Virgin voted Britain’s best train company
THE RAIL firm running the West Coast Main Line has topped a poll on customer satisfaction – just months after it nearly lost the franchise.
Virgin Rail won a 67 per cent approval rating from thousands of passengers, while more than half of train firms scored 50 per cent or lower.
The Which? survey also found only 22 per cent of travellers felt their service was improving, despite above-inflation fare rises last month.
East Coast trains got 58 per cent and ScotRail was given a 53 per cent approval score, seventh in the table of 19 firms.
London Overground was second on the Which? table with 65 per cent, while the London to Tilbury and Southend company c2c and Merseyrail both scored 64 per cent.
Bottom in the table was First Capital Connect, with only 40 per cent of its passengers satisfied with its service.
The survey also found that 40 per cent of train travellers are likely to reduce the number of journeys they make as a result of the recent price increases which saw season tickets rise by an average of 4.2 per cent.
But a third of commuters said they did not have an alternative way of getting to work and would just have to pay more.
ScotRail disputed the findings and pointed to research last month that found nine out of 10 passengers were satisfied.
The Which? survey, compiled from responses from 7,500 regular train users, came just months after Virgin initially lost the West Coast Main Line contract to FirstGroup, only for the decision to then be halted, investigated and reversed.
A spokesman for Virgin Rail said: “Our staff work hard to deliver an excellent service, and although the survey covered only a small sample, we are pleased it acknowledged their efforts.”
The National Passenger Survey, released last month, said 90 per cent of ScotRail passengers were satisfied with their train services, while East Coast and Virgin recorded 92 per cent.
However, only 52 per cent of ScotRail travellers were satisfied they were getting value for money for the price of their ticket, the poll found.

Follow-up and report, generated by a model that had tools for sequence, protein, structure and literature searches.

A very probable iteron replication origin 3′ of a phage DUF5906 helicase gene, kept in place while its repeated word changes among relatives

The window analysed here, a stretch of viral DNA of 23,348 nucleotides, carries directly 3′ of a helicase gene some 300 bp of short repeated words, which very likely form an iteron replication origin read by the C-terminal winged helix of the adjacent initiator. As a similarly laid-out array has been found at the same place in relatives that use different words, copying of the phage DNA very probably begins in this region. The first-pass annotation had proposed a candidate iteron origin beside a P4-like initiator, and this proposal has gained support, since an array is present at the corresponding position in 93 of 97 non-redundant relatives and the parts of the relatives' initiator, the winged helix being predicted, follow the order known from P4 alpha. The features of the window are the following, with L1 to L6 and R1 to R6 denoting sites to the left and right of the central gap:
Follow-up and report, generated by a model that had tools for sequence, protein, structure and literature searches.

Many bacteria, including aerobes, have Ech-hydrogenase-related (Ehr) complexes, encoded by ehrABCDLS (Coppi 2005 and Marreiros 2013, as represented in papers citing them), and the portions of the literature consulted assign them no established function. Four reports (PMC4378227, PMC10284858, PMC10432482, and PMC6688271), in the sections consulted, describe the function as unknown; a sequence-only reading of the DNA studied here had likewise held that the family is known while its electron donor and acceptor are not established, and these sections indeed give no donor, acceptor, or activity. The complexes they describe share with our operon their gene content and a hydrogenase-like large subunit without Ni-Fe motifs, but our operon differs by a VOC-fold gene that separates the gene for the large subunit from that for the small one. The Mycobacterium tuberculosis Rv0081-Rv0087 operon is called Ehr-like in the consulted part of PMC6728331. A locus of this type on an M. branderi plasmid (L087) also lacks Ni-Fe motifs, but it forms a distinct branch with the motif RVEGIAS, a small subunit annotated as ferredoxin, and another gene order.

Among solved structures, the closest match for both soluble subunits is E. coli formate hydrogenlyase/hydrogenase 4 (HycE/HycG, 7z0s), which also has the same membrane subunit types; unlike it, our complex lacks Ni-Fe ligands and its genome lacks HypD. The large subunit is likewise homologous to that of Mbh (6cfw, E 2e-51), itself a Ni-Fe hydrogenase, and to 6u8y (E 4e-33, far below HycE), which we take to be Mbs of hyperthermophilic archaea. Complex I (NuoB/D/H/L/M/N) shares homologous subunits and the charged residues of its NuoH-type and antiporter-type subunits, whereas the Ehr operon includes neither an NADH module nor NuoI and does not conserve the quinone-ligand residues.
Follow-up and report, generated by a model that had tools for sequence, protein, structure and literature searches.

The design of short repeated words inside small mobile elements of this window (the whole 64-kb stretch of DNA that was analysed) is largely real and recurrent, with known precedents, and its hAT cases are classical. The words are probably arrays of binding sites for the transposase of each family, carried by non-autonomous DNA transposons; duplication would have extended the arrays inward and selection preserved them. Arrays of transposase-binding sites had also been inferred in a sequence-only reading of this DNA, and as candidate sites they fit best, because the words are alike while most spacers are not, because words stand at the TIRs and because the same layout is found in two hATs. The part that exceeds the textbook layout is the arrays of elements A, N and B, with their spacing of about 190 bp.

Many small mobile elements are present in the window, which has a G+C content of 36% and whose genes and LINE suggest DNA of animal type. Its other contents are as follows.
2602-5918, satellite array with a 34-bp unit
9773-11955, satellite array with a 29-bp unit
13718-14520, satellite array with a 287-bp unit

A spokesman for ScotRail said the National Passenger Survey was a larger and more reliable measure, adding: “That 90 per cent rating in the key category of overall customer satisfaction was up one percentage point on last year and five points higher than the UK average for train operators. The survey also revealed ScotRail is rated more highly than UK train operators in 30 of the 36 categories, including the attitude and helpfulness of staff, punctuality and reliability, and ticket buying facilities.”
In a separate investigation Which? found train ticket machines also gave travellers poor service. In a snapshot probe, looking at 11 London mainline station ticket machines, Which? found certain tickets not available or unclear information.
Which? executive director Richard Lloyd said: “With 1.5 billion train journeys made every year and eight rail franchises up for grabs in the next two years, customer service should be top of the agenda for every train operating company. It is good to see some are performing well on service, but customers clearly feel others need to do better.”
A spokesman for the Association of Train Operating Companies said: “The watchdog Passenger Focus surveys up to eight times as many people a year and last month reported 85 per cent of passengers are satisfied with their service – a record high.”
Bosses’ pay stays high despite public facing huge fare hikes
Train bosses on the East Coast line are enjoying six-figure salaries at a time when rail passengers are enduring above-inflation fare rises, according to new figures.
The service between Edinburgh and London – despite being run in the public sector – has as many as eight directors on salaries of above £100,000 a year according to a Freedom of Information Act release.
One director – identified by the Press Association as managing director Karen Boswell, above – was on a salary of between £161,000 and £180,000.
Two other East Coast directors’ salaries came within the £121,000 to £140,000 band, while five other directors were on between £100,000 and £120,000 a year.
East Coast’s parent company is Directly Operated Railways (DOR), which was set up in 2009 by the then transport secretary to manage any train operations which return to the public sector.
DOR took over East Coast in November 2009 when National Express pulled out of the franchise.
Information obtained from DOR via the Department for Transport showed DOR chief executive Michael Holden, below left, had a salary for the year ending March 2012 of £156,100. CrossCountry, which runs some trains in Scotland, gave information covering 2011. It showed the highest paid director – named by the Press Association as managing director Andy Cooper, above, – on £222,000 including pension contributions.
The company said it had ten registered directors and their aggregate pay, including benefits, was £795,000.
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